19 “Once there was a rich man who used to dress in the most expensive clothing and spent his days in magnificent luxury. 20 At his gate had been laid a beggar named El‘azar who was covered with sores. 21 He would have been glad to eat the scraps that fell from the rich man’s table; but instead, even the dogs would come and lick his sores. 22 In time the beggar died and was carried away by the angels to Avraham’s side; the rich man also died and was buried.
23 “In Sh’ol, where he was in torment, the rich man looked up and saw Avraham far away with El‘azar at his side. 24 He called out, ‘Father Avraham, take pity on me, and send El‘azar just to dip the tip of his finger in water to cool my tongue, because I’m in agony in this fire!’ 25 However, Avraham said, ‘Son, remember that when you were alive, you got the good things while he got the bad; but now he gets his consolation here, while you are the one in agony. 26 Yet that isn’t all: between you and us a great gulf has been established, so that those who would like to pass from here to you cannot, nor can anyone cross over from there to us.’
27 “He answered, ‘Then, father, I beg you to send him to my father’s house, 28 where I have five brothers, to warn them; so that they may be spared having to come to this place of torment too.’ 29 But Avraham said, ‘They have Moshe and the Prophets; they should listen to them.’ 30 However, he said, ‘No, father Avraham, they need more. If someone from the dead goes to them, they’ll repent!’ 31 But he replied, ‘If they won’t listen to Moshe and the Prophets, they won’t be convinced even if someone rises from the dead!’”
This is a killer, this story. I think it comes from Jesus and that Luke has marvellously translated into Greek the subtle details of the original. The nature of the obscene co-existence of extreme wealth and extreme poverty is tellingly worded. ‘Magnificent luxury’ is contrasted with ‘covered in sores’; on one hand the man whose human body is irrelevant because all its needs are met, on the other, the man whose body is shamefully exposed by his poverty. The most deadly sentence is the one which contrasts the beggar’s desire to eat the scraps from he rich man’s table with the fact that his sores are ‘eaten’ by dogs. The story comes from someone who has looked at these contrasts.
Of course the black comedy of what follows is not meant to provide a geography of the afterlife anymore than our jokes about the pearly gates. Indeed, like our jokes, the story is meant to put worldly life in a different context.
The rich man is no sooner dead than he is ordering people about. “Send Elazar!” Even father Avraham is treated like one of his slaves. Certainly the place he finds himself in is not pleasant. Jesus just hints at the the way the guy is being fried. The stroke of genius in the story is the fact of the “great gulf”. The Greek word is ‘chasm.’. This is afterlife constructed as a mirror image of the economy that has supported the rich man and his class, in which they have constructed a ‘great gulf’ between themselves and the real lives of the destitute, by which the least contact between luxury and destitution has been denied. Now the gulf is maintained but the rich man is on the wrong side of it. His favoured economy has become the economy of heaven and hell, but to his disadvantage!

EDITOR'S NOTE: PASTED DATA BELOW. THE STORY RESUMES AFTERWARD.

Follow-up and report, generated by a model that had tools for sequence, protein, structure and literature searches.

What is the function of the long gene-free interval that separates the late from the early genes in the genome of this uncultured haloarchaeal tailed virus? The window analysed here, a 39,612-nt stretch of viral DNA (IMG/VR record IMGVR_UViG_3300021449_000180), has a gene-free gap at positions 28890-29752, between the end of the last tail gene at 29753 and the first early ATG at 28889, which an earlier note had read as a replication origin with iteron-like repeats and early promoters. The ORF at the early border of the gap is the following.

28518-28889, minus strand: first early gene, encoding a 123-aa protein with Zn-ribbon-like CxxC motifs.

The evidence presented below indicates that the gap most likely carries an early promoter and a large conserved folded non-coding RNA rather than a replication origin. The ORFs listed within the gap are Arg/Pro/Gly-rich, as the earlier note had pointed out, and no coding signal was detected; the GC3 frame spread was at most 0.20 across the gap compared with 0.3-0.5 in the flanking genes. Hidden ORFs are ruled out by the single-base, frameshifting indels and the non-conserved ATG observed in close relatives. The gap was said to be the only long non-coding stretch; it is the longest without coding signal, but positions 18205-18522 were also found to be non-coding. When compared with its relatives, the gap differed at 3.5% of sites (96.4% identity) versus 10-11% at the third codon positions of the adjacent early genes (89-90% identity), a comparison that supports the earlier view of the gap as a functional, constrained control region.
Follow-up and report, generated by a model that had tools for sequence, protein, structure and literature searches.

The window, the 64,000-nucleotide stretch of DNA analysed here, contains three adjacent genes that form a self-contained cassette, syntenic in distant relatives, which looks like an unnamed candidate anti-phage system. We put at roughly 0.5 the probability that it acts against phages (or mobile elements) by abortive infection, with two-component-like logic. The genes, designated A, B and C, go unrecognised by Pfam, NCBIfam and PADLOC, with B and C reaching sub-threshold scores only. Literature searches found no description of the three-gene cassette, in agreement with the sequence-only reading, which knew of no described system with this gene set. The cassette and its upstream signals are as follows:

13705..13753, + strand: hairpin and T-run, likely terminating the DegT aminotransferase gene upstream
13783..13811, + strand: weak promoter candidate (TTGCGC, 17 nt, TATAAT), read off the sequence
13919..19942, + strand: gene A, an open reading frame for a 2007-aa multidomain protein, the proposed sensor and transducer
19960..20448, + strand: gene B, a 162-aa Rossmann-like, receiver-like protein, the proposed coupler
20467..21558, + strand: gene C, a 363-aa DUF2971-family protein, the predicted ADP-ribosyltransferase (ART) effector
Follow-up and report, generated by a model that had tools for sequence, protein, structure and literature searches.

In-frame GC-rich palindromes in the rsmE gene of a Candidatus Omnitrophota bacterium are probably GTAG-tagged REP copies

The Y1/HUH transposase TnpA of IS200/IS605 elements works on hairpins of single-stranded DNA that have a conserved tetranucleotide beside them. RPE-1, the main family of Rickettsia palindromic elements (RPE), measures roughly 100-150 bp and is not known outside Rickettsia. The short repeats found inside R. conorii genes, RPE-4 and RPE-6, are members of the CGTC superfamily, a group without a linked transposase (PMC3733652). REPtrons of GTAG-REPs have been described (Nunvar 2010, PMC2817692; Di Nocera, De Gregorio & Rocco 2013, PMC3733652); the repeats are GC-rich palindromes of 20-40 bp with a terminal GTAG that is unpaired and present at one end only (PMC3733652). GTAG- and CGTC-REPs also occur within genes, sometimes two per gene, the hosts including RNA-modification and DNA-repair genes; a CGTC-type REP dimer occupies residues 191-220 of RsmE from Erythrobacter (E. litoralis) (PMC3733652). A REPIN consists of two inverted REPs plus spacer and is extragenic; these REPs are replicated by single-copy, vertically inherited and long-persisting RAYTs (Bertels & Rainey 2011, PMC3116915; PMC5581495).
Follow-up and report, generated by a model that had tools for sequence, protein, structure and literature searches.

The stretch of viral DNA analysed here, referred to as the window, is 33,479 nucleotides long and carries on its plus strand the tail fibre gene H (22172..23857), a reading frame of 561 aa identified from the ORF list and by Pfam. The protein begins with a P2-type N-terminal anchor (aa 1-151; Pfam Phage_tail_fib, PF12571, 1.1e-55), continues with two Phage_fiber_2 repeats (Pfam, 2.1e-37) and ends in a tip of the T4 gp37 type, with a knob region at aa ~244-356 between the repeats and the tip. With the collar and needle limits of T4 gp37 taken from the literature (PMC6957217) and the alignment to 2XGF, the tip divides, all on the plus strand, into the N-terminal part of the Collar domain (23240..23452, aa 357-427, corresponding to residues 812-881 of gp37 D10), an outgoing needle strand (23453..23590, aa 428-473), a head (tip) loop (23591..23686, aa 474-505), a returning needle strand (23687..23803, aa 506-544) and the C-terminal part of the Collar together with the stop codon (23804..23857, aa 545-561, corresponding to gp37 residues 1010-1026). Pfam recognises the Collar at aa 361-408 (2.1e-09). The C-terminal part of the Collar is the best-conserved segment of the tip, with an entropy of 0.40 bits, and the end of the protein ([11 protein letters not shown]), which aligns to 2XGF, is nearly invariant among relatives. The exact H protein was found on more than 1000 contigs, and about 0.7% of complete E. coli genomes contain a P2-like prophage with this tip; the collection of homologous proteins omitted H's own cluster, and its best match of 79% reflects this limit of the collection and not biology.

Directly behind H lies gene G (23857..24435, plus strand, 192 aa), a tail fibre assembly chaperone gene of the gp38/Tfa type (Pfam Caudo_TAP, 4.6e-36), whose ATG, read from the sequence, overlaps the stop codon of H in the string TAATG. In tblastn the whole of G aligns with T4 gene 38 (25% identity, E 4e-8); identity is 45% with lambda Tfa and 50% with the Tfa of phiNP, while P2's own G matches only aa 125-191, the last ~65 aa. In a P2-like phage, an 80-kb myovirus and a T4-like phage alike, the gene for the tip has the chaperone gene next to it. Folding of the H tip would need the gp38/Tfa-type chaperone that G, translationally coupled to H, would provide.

This is Jesus’ word to the rich, accusing them of creating and maintaining this great gulf. Even in a more egalitarian society like Scotland, this gulf exists: between those who have never gone hungry and those who often do so; between those who always get credit and those who can only borrow from loan sharks; those who have no knowledge of state benefits and those who have intimate knowledge of their inadequacy; those who give their bodies for sexual fun and those who sell them to put bread on the table; those who view themselves as civilised and righteous and those who are forced to see themselves as unworthy failures; those who worry about how much to leave their children and those whose children will not be able to afford their parents’ funerals. Yes, the great gulf is alive and well and living in Scotland.
The implication of the story is that any recognition of the gulf might have saved the rich man. If he had acknowledged his good fortune and been compassionate to his unfortunate brother, he might have been forgiven. But persistent denial of the gulf while benefitting from it has made him toast. God does not automatically punish those who ended up on the lucky side of the gulf, provided they recognise it and try to reach across it, or better, to destroy it. But those who deny its existence while abusing the poor better search online for flame- resistant underwear.
Jesus’ critique is based on Jewish Torah and Prophetic books; he is speaking as the successor of Moses and the prophets, in terms that they would have recognised. People who have rejected the clear commandments and warnings of the Jewish tradition will not respond if Elazar or even Jesus came back from the dead to tell them.
But am I, who have always been on the lucky side of the gulf, to take this story seriously as a description of God’s justice? No, but I am meant take it comically as a description of God’s justice. The details may be invented to raise a smile, but it would be very dangerous for me to neglect the warning they convey.